Author: DeRay Mckesson
Publishing Date: September 4, 2018
Pages: 240 pages (Hardcover)
When I sit down to write I ask myself: Who is this for? I think about you, the experiences you have had and the knowledge you bring to your reading of my work. Your experiences and knowledge inform how you engage with what I have to say, and so it must inform how I communicate my thoughts with you. It is important for writers to write with their audience in mind. The same is true for readers; when we pick up a book, we have to read it with an understanding of for whom the book was primarily written.
DeRay Mckesson did not write On the Other Side of Freedom for me. And, if you are my primary intended audience, he was not picturing you when writing either. He wrote it for the weary activist always being told, “You are asking for too much change, too fast.” He wrote it for his niece and nephew. He wrote it for people who look like him, with black and brown skin. But, it is because this book was not written for me that it is perhaps the most important book I’ve read in the last year. After all, “[o]nly through exposure [do we] learn to see the world differently” (27).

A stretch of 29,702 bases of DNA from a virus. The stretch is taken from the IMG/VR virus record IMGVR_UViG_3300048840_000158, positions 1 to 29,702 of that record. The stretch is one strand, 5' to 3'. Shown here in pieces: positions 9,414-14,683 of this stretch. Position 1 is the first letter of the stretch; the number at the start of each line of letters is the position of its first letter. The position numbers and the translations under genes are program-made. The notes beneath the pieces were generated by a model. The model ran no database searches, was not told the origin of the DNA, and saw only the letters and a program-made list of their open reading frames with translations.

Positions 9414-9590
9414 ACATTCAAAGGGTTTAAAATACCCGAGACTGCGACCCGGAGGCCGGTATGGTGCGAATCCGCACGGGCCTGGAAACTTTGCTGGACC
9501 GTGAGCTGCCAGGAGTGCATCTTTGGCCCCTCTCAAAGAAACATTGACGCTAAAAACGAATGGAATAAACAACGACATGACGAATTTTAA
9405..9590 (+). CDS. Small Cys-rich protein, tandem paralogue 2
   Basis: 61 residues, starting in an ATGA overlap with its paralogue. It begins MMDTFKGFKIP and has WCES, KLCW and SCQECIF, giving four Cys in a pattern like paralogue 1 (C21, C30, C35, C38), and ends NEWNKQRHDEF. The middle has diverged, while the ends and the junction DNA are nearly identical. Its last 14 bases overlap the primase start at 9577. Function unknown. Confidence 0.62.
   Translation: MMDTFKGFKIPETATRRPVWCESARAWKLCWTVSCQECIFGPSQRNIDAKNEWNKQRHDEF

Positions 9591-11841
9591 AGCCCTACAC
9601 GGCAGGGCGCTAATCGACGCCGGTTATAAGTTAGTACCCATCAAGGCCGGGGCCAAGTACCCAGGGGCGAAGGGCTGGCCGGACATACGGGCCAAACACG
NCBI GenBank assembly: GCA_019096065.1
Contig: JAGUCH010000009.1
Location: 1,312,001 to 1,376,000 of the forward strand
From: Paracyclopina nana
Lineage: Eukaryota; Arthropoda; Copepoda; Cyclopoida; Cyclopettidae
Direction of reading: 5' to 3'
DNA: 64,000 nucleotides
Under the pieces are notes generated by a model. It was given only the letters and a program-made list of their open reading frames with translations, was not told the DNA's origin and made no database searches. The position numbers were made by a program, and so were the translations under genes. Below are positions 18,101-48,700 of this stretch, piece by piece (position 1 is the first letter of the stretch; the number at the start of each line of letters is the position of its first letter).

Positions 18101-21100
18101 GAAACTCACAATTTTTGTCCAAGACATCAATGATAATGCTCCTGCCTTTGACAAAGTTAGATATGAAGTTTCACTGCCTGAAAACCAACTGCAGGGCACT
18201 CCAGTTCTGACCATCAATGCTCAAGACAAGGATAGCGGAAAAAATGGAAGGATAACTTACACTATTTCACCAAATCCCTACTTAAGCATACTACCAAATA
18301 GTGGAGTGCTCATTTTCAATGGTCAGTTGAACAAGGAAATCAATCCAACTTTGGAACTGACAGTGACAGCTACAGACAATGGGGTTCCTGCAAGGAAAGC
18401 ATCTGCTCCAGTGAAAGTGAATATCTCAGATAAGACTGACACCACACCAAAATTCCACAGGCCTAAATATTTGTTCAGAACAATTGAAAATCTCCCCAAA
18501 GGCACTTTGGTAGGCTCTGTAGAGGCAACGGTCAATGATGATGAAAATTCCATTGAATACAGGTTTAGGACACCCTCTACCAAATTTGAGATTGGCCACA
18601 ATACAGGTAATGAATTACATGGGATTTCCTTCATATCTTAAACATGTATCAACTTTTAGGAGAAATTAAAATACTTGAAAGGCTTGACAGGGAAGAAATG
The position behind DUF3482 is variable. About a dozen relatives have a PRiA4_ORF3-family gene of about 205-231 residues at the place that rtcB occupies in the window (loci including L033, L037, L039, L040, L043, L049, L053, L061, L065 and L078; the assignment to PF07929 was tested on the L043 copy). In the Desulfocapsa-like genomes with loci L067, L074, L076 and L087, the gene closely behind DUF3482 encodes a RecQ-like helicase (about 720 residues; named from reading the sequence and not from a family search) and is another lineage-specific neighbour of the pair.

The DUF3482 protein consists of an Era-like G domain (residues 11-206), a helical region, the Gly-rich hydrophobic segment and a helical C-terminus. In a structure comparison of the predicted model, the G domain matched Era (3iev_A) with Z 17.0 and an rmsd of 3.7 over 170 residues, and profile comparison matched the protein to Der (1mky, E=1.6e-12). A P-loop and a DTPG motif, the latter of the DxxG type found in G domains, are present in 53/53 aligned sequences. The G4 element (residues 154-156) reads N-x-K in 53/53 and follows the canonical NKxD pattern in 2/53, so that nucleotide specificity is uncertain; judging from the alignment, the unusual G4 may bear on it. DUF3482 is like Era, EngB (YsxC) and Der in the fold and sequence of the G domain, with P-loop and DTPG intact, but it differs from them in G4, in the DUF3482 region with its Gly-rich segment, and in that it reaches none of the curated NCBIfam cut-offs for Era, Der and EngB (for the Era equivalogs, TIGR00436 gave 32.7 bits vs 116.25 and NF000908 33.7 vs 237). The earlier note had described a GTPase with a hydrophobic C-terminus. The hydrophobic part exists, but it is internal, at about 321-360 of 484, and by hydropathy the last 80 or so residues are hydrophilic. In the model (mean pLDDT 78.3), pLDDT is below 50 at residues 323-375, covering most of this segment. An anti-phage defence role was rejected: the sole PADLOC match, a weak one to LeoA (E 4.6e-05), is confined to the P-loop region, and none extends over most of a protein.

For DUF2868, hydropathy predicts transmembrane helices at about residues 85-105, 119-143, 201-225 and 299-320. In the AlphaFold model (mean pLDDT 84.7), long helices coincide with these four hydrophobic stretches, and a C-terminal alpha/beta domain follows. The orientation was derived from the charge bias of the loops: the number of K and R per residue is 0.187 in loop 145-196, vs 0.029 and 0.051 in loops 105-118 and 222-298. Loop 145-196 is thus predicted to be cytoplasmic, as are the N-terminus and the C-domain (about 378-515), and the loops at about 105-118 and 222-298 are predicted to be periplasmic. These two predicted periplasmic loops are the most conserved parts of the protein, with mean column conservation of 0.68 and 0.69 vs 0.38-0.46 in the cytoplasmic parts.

Mckesson became an activist and organizer when he traveled to Ferguson, Missouri, in August 2014. “On TV, it looked like the protesters were angry and unruly. On Twitter, it looked like the police were out of control and reckless. I wanted to see what was happening with my own eyes” (35). So, on a bit of whim, he took off a couple of days from his job in education and drove to Ferguson. What was supposed to be a long weekend turned into 400 days. Documenting all he saw and experienced, Mckesson was witness to and participatory in the birth of the Black Lives Matter movement.